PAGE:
FIGS. 1 and 2 illustrate various details of the "Model 480" infusion pump. The "Model 480" infusion pump has a mechanism for closing the IV tubing to fluid flow as the pump motor 25 is reversed. That mechanism includes a wheel 20, having a ratcheted or knurled circumference 22, mounted on the drive shaft 24 of the motor 25. A generally Z-shaped spring 26 is mounted in the infusion pump, with one end of the "Z-spring" 26 continually sliding past the ratcheted circumference 22 of the wheel 20 when the drive shaft 24 is rotating in the normal, forward direction (clockwise in FIG. 2). When the drive shaft 24 is rotating in the normal, forward direction, the infusion pump is pumping IV fluid in the downstream direction to regulate the flow of the fluid.

When the pump motor 25 reverses the direction of rotation of the wheel 20 (now counterclockwise in FIG. 2) to relieve pressure in the IV tubing 27 downstream of the infusion pump, the Z-spring 26 catches the ratcheted circumference 22 of the wheel 20. And, when the Z-spring 26 catches the circumference 22, the Z-spring 26 bends and applies pressure to a valve stem 28 to close a ribbed "overpressure" valve 30, thereby occluding the lumen of the IV tubing set 32. In practice, the Z-spring 26 allows the drive shaft 24 to back up about one eighth of a turn before closing the valve 30.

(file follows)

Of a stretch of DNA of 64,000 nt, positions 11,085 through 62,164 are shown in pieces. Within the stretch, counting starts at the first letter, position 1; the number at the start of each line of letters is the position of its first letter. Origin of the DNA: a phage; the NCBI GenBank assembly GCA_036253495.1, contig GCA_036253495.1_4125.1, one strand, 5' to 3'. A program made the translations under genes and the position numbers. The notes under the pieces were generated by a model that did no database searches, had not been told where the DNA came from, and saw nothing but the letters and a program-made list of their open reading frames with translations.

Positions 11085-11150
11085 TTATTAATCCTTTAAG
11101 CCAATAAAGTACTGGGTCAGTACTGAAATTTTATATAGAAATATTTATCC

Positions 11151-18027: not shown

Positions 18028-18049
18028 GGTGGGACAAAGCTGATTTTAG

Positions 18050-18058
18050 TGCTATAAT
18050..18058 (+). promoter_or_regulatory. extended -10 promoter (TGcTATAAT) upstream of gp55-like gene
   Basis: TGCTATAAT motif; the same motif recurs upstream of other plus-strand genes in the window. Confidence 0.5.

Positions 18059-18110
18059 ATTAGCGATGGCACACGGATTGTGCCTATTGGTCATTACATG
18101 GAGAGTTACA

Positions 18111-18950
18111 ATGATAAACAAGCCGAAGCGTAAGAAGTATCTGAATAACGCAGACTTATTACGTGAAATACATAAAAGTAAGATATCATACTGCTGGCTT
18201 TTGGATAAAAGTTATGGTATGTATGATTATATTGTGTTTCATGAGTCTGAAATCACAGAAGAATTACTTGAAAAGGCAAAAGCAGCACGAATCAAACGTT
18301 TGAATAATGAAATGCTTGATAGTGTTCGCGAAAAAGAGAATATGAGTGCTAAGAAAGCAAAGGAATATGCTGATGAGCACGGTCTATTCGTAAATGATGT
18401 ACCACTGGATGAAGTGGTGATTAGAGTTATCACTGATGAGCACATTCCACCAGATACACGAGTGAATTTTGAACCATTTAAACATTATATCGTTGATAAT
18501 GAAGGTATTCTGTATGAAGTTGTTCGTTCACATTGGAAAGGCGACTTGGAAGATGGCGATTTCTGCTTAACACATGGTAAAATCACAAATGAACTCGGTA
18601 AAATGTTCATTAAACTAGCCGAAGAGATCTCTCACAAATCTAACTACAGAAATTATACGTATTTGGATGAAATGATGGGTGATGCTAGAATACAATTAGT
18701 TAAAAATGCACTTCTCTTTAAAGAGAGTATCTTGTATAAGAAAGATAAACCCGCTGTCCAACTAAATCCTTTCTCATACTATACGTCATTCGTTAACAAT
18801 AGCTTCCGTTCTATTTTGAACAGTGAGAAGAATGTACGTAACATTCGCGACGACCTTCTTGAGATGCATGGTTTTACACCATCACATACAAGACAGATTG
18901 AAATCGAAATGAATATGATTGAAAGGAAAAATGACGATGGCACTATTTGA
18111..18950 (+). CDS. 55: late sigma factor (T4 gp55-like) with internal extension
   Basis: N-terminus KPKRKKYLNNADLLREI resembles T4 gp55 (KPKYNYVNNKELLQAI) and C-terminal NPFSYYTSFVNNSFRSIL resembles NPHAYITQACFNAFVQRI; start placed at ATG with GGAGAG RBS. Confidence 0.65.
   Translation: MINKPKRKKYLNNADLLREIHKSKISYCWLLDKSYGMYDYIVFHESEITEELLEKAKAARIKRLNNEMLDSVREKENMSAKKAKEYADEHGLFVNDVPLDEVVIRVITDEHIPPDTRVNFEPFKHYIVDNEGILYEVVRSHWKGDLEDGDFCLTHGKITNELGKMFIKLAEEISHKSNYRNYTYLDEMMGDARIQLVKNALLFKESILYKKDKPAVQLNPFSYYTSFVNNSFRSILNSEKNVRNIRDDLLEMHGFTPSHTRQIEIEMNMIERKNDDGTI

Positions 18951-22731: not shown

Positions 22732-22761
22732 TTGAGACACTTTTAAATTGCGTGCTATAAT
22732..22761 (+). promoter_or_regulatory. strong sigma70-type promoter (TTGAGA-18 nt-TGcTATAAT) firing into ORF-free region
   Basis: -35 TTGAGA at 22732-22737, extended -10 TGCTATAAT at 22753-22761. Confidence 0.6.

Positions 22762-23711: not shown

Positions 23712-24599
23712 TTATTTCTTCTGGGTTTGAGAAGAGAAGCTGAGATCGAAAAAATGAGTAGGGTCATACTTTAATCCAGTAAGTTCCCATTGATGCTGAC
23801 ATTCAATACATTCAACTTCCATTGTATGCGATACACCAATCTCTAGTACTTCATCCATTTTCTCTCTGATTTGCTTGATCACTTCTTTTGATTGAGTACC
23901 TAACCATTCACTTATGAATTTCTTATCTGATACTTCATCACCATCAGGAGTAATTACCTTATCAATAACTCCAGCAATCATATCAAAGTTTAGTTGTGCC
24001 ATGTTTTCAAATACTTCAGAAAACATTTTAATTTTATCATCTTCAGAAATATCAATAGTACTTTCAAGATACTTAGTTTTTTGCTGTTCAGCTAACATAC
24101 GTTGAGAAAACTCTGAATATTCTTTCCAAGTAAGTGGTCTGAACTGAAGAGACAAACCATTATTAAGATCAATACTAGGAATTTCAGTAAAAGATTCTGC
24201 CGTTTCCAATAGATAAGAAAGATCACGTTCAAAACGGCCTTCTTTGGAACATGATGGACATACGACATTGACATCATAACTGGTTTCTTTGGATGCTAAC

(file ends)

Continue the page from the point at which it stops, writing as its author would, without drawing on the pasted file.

The valve 30 in the "Model 480" infusion pump serves an additional purpose of occluding flow through the lumen of the IV tubing until pressure upstream of the valve 30 builds up to a predetermined amount. See, in particular, coassigned U.S. Pat. No. 4,322,201. An overpressure piston 34 is provided with a spring-biasing mechanism 36 to hold the overpressure valve 30 in its closed position until a predetermined cracking pressure is exerted by an overpressure chamber 38 of the pumping cassette 40 against the overpressure piston 34. During normal operation of the infusion pump, once this predetermined cracking pressure is obtained, the overpressure piston 34 allows a pin 42 mounted on the overpressure valve 30 to move along a longitudinally-extending slot 44 in the piston 34 to permit the overpressure valve 30 to open or close.

The overpressure piston 34 also includes a mechanism to trigger an alarm or signal in response to high fluid pressure in the overpressure chamber 38. That mechanism comprises a circular contact plate 55 mounted on the piston, which will engage one or both of two telescoping, spring-loaded, overpressure contact probes 57 or 58. Contact probes 57 and 58 are positioned and adapted to provide an alarm signal indicating high fluid pressure in the overpressure chamber 38, which may indicate that the IV line downstream of the infusion pump is occluded. A microprocessor (not shown) receives the signal indicating an overpressure condition, and reverses the motor 25 until the overpressure condition is relieved, at which point the infusion pump stops and enters the standby mode.

First and second pumping pistons 46 and 48 and first and second valves 50 and 52 are also provided in the "Model 480" infusion pump, and are also described in U.S. Pat. No. 4,322,201. The pistons 46 and 48 act on pumping chambers 54 and 56 to pump fluid through the cassette 40.

While the Z-spring mechanism has been successful in use, it has been difficult to manufacture and assemble in the infusion pump. In order to obtain consistent results with the spring, much time and care must be taken by skilled production workers.